Third Sunday in Advent December 17, 2000


We’re Not So Tough!

Isaiah 40:1-2


97, 114, 61, 647

Comfort, comfort my people, says your God. Speak tenderly to Jerusalem, and proclaim to her that her hard service has been completed, that her sin has been paid for, that she has received from the Lord’s hand double for all her sins.

Dear Friends In Christ Jesus, Dear Fellow Redeemed:

I can’t remember how long ago it was ( a year ago or so maybe) when I had a particularly interesting conversation with one of the members here. We we’re talking about the difficulties that some of our friends and relatives were having, and asking each other how the various people were handling whatever trouble they had. Some it seemed we’re doing better than others. There came a pause in the conversation, and then the member made this very true statement: “You know,” he said, “we’re not as tough as we’d like to think.”

Now those are words worth remembering! For even the most macho man, or the most well-adjusted and confident woman, is not so strong as they might appear. For beneath a brave-looking face you can often find a scared little child who isn’t quite so sure of himself as he lets on.

From little on we’re told, “You have to be strong.” “Be a man,” fathers say to their sons. “Pull yourself together” are common words of advice to those whose lives are unraveling at the seams.

God’s Word today gives us an entirely different perspective on life. It tells us we don’t need to be tough. What we really need is God’s pure, sweet, comfort. It invites us to look at ourselves, not as super men or super women, but as helpless children, totally dependent upon our Savior God for everything. It calls us away from a self-reliant proud ego into the arms of a God who loves us with of His heart. So how about this for a theme today:


Focus with me for a bit on the situation in our text. God is speaking to the people of Judah—the tiny kingdom surrounding Jerusalem—the only part then left of what was once the rather large nation of Israel. He is pointing them ahead to dark days—to the days when they would be held in bondage by the Babylonians. The inhabitants of Judah (the Jews) would experience the terror of war. They would see their homes burned and their loved ones killed. They would see their homeland conquered and humiliated. They would experience the harsh life of living in exile.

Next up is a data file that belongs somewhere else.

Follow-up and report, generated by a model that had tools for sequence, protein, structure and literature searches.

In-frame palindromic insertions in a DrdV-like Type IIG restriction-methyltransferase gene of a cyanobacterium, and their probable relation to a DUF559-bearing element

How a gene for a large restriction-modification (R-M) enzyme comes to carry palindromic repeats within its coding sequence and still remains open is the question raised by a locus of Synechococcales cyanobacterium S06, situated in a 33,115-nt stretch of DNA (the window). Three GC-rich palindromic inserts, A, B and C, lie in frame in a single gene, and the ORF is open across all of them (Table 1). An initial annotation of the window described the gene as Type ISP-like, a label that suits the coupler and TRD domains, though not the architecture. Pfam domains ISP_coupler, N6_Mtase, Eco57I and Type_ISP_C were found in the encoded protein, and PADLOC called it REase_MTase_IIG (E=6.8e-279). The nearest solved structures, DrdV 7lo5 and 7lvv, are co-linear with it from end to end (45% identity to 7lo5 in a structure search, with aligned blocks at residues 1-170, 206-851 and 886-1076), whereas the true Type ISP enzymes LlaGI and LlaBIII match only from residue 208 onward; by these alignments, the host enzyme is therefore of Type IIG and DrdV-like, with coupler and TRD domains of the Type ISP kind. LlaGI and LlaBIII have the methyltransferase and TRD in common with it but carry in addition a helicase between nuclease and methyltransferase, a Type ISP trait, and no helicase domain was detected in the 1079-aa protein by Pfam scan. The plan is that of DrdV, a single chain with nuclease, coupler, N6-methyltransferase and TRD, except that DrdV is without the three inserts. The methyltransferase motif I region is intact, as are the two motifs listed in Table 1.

God would use this ordeal to purge His people of the sin of worshipping idols. But in our text the LORD is more concerned with something else. He wants to give His children living in captivity comfort. He knew they would break under the stress of living in a foreign land. He also knew they could not bear the strain of living with a guilty conscience—the guilt that as a nation they had been unfaithful to Him, as well as their burden of sin as individuals. To prevent their collapse He says: Comfort, comfort my people, says your God. Speak tenderly to Jerusalem, and proclaim to her that her hard service has been completed, that her sin has been paid for, that she has received from the Lord’s hand double for all her sins.

God gave them what they needed most—His mighty Word of comfort. He wanted to lift the burden off their backs and carry it for them. So He promises that though they had deserted Him, they were still His people. Though they were suffering in bondage, their servitude would come to an end. Though they had an un-payable debt of sin, God would take care of it—He would pay it for them. God, in fact, would take away their sins and would give them, in exchange, a double blessing: freedom from bondage as well as the privilege of returning to their homeland. God was calling His people, not to be tough, but to depend on Him in simple faith.

I’ve been pastor here for a number of years now. In those years I’ve seen and shared your troubles and trials. I’ve seen how much you need God’s comfort. You need it as much as I do, as much as the Jews did, as much as any Christian does. I’ve seen some of you struggle with the worry of being unemployed. I’ve seen others trying to deal with the stress of being employed as you face difficulties in your place of work. Many of you I have visited in the hospital, watching, in some cases, your slow and painful recoveries. Others I have seen saddened by the loss of loves ones. Still others have come to me with family and marital problems. Some have shared with me the pain of watching children or grandchildren stray from the Lord’s side. I’ve also seen you younger ones battle to remain true to your Savior as you are daily confronted with temptations at school.